i~-------------- --------------------------------------------------------~~ ARGENTINA TESOL ExECUTlVE BOARD PRESIDENT
1ST VICE PRESIDENT
Vivian Morghen 2ND VlCE PRESIDENT
Claudina LoValvo SECRETARY
Does Younger = Better?
ESPin the t.anguage Classroom (orthe other way round?)
Action Research in ESl Staft Development
TESOl Academies Upcoming Events
Helping Students Gain Language and Cultural Awareness
Graciela Cerutti TREASURER
Mercedes Auad VOTINGMEMBERS
Mabel Gallo Clara Muñiz Elida Messina Alejandra Pron Estela Gambelín Gabriela Alemani Andrea Rapetti EDITORIAL STAFF Mabel Gallo Vivian Morghen Claudina loValvo SPECIALACKNOWLEDGEMENTS Argentina TESOl wishes to acknowledge and publicly thank ICANA which has made this publication possible. Argentina TESOL (ARTESOl) Newsletter is published twice a year (fall and sprlng).
Mapping out Our Future: Third Regional TESOL Southern Cone Convention
TESOl2000, Vancouver, BC, Canada. A Newcomer Perspective
NG TH E STATE OF ESOl CONTINUING EDUCATION
Southwest Acaderny San Antonio, Texas June 9-11, 2000
Northeast Acaderny Boston, Massachusetts June 23-25, 2000
Midwest Acaderny Chicago,llIinois July 21-23, 2000
Southern Cone Acaderny Montevideo, Uruguay July 8-9, 2000*
TESOl Academy 700 S. Washington St .• #200 Aiexandria, Virginia 22314 Tel. 703-836-0774 Fax 703-836-7864 E-mail email@example.com Web http://www.tesol.edu/
TH RO UG H
Each TESOl academy workshop is a concentrated course led by top-notch faculty to enhance your professional growth with the benefit of peer networking on a university campus-a perfect setting for a weekend retreat. Workshops run concurrently from Friday afternoon through Sunday noon. The early registration fee is US$189 for TESOl members and US$249 for others and includes all instructional materials, certificates of attendance, refreshment breaks, and a preview of TESOl's latest publications and teacher resources. * * • The Uruguay Academy
differ irom those listed above. "Some
may require fee. Contact
TESOL for more information.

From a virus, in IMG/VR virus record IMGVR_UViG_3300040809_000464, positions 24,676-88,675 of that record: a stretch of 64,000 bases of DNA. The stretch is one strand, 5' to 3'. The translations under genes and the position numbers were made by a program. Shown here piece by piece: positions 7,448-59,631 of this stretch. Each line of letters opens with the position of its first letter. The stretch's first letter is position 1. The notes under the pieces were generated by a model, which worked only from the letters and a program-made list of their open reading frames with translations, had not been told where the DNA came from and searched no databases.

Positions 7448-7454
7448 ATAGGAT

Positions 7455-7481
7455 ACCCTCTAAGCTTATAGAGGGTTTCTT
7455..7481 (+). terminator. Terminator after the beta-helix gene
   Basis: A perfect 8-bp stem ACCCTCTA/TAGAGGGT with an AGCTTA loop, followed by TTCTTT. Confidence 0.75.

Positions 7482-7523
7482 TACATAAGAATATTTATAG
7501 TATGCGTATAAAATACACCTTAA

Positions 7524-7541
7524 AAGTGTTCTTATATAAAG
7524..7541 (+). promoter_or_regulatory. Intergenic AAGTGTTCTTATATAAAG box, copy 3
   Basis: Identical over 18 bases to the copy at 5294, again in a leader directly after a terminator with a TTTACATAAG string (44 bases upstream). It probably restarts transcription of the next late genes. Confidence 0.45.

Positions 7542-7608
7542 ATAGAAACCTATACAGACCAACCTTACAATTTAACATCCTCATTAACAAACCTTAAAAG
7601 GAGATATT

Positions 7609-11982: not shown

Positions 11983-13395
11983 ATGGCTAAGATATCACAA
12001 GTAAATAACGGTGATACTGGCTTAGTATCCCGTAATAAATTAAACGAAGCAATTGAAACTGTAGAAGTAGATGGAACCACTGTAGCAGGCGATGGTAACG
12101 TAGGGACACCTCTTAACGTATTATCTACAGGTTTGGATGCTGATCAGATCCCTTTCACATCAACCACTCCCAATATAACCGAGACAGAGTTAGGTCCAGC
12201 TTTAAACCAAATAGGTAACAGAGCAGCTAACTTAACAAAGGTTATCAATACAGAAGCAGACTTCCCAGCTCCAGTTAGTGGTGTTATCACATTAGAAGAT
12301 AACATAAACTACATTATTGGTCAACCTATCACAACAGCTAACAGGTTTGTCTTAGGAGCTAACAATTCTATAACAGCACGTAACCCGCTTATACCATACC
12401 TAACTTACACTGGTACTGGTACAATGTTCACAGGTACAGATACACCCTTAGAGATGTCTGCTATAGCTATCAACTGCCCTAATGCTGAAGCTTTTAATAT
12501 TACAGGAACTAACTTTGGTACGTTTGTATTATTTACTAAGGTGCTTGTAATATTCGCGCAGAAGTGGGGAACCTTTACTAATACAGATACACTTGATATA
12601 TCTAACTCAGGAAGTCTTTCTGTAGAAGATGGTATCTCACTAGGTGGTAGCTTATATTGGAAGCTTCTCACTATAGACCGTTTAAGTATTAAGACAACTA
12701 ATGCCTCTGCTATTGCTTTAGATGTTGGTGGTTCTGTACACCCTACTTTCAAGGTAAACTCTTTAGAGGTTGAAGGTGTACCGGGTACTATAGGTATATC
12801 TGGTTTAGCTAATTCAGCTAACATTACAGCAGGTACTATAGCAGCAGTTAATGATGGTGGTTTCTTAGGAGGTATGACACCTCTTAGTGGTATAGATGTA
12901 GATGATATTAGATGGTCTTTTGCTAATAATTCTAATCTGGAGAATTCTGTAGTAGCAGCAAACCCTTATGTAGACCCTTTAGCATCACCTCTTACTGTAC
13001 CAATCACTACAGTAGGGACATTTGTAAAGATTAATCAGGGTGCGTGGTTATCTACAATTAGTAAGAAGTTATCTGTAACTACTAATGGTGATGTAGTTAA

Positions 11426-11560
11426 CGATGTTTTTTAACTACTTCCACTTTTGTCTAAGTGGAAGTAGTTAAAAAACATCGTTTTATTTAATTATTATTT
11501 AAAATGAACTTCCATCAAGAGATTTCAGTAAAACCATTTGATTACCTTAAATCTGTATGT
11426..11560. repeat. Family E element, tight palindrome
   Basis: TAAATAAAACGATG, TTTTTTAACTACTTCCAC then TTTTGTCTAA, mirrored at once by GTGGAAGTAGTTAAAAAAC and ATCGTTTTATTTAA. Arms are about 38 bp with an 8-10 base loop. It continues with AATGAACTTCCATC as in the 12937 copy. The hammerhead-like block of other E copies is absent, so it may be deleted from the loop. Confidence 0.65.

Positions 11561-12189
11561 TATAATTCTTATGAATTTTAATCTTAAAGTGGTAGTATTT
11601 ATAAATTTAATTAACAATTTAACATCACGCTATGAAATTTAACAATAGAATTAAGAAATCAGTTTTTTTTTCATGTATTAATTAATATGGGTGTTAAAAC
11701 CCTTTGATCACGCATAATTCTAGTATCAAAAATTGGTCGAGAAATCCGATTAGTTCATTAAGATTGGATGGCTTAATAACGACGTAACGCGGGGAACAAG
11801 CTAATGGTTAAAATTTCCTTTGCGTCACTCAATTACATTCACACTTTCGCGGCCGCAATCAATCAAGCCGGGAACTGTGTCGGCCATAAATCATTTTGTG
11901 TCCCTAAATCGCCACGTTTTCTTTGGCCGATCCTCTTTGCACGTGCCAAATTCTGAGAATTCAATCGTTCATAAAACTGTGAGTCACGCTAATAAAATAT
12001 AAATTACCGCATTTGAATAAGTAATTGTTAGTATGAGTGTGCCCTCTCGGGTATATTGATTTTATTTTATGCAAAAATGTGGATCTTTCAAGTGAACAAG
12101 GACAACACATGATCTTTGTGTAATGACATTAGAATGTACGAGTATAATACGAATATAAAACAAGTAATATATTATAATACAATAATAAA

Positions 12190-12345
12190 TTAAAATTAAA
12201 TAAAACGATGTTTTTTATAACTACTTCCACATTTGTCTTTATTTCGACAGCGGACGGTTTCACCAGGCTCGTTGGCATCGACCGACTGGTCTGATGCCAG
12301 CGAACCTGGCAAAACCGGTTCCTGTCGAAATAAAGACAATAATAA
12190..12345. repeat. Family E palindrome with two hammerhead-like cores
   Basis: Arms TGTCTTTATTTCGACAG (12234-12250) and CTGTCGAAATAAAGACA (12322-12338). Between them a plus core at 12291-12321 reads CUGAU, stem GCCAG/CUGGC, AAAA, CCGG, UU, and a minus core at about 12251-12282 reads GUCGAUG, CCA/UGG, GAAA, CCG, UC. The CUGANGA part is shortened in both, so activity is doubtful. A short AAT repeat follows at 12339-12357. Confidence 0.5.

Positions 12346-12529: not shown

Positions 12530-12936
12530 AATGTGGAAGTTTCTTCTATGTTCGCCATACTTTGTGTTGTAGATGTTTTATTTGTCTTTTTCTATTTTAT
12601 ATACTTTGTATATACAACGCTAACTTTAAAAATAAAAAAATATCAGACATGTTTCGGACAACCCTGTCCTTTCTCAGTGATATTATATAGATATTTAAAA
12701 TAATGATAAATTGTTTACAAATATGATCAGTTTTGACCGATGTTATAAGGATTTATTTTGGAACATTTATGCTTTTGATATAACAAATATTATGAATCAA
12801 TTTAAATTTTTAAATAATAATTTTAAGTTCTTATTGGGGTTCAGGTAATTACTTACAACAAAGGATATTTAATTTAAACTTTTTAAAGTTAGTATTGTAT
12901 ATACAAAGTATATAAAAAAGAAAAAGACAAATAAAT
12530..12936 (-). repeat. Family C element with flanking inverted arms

ESP in the Language Classroom (or the other way round?) by Ana María Rocca Eugenio López Arriazu City schools for adults and adolescents are very special places in many respects, and our school, Escuela N° 2, D.E.12. is not an exception. This arises from both institutional features and the characteristics of the population attending c1asses there. As regards the institution, the most significant and determining factor is the complete absence of an English department to supervise and coordinate levels as well as syllabus, methodology, and materia!. This is due to lack of an appropriate budget for this kind of schools. However, although faced with this problem, teachers enjoy freedom to experiment. Class development is based on the teacher's responsibility and commitment with the schoo!. As to the population, it could not be more varied: ages ranging from 14 to 80, mixed nationalities and social insertion. Luckily for the teacher, most students come with one common and special purpose in mind: to learn English for work. Now, "English-for-work" is a very broad definition. We are certainly not teaching an incompany course. Most of our students just want to be better qualified to compete in the labor market. Therefore, it would not make sense to teach the language of presentations or stock graphs either to a secretary - a teenager who is just getting ready for a prospective job three years in advance - , or to a middie aged housewife who, because of economic reasons, is willing to get a place in that market. So, "English-for-work" narrows down to basic skills such us being fluent in an interview, writing an application letter or CV, or using the adequate vocabulary and functions in a telephone conversation. But this is not enough to have a year long syllabus. There is basic language (grammar, functions, and vocabulary) that students need to handle as. well as develop some proficiency in the four skills. We found that, at this level - our students range from true beginners to pre-intermediate -, the teaching of language in general and for a special pur _ poses have to go together. Moreover, given the different cultural backgrounds and interests students bring to the classroom, the teaching of the targetlanguage culture emerges as a key tool to produce the affective links and atmosphere necessary for learning. Even leaving aside every possible differ-